Cash accounting is a bookkeeping system in which payments going out and coming in are only entered when they occur, rather than when the orders are placed.
Cash accounting contrasts with accrual accounting, in which income and expenditure are registered when the orders are placed.
Small enterprises tend to use cash accounting because it is straightforward and easier to understand. However, it can sometimes make profits look as if they are fluctuating wildly when in fact they are not.
With the cash accounting method, Sam’s Windows Ltd’s 3rd month was its best, even though no work was done in that month. The method can make profits appear to fluctuate steeply.
Larger companies have to comply with generally accepted accounting principles, which means using the accrual accounting method.
Example of cash accounting vs. accrual accounting
Imagine Lawn Mowers Ltd. receives an order for 10 lawn mowers from ZZZ Golf Club at $100 each (total $1,000) on January 5th, and receives payment on February 5th.
In a cash accounting system, the sale is recorded as having occurred on February 5th, but in an accrual accounting system the bookkeeper will make the entry for January 5th.
If Lawn Mowers Ltd. had Technicians Forever send an expert down for the day to service all its machinery on January 1st, and paid the invoice of $300 for this service on February 1st, the expense would be registered as having occurred on February 1st using the cash accounting method, and for January 1st using an accrual accounting method.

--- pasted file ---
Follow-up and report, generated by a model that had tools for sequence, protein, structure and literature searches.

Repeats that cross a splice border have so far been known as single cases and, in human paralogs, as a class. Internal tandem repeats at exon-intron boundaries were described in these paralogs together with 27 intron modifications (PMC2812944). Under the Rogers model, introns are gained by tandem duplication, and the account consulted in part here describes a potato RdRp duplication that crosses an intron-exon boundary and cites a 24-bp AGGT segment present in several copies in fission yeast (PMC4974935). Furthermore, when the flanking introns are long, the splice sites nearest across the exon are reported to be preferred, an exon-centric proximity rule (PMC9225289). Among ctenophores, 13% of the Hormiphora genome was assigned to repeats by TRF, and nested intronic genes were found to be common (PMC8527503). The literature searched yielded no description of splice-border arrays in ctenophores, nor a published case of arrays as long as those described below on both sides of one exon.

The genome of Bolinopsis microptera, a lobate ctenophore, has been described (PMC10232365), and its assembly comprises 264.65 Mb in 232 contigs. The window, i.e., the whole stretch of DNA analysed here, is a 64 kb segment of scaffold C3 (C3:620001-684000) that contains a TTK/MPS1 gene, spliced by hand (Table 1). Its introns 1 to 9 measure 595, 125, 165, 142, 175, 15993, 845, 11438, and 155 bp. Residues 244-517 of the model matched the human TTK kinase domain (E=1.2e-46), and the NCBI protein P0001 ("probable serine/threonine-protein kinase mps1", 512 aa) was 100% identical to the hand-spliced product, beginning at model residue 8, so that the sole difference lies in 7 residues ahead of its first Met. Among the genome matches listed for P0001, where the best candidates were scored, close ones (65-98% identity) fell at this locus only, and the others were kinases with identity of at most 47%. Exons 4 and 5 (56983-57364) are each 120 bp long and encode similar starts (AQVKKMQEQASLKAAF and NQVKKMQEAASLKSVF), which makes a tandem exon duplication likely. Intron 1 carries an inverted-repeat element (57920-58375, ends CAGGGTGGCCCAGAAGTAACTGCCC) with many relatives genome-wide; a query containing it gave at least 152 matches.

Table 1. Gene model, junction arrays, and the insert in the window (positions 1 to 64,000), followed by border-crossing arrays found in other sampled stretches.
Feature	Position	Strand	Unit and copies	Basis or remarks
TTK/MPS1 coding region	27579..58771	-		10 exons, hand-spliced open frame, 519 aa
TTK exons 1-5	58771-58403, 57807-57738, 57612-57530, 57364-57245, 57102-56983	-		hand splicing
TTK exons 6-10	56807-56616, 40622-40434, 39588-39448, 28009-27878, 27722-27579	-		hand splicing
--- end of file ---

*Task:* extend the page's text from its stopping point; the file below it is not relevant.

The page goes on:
Disadvantage of cash accounting method
Sometimes a business may seem more cash rich than it really is.
If several payments are going to be made on April 3rd, the enterprise may seem overly cash rich when presenting its first quarter accounts, because invoices it received during that quarter for orders it had placed in that quarter have not yet been paid.
In an accrual accounting system, those deductions would already have been entered in the first quarter.
Conversely, the company that uses the cash accounting method may appear worse off if it has landed a giant order (for which it has not yet been paid).
If it pays its bills on time but the client is late, the business’ expenses to meet the large order may appear on the books, but not the large receipt.
Video – Cash Accounting
This video shows how a fairly stable catering business may appear to have wildly fluctuating monthly profits and losses because it uses a cash accounting system.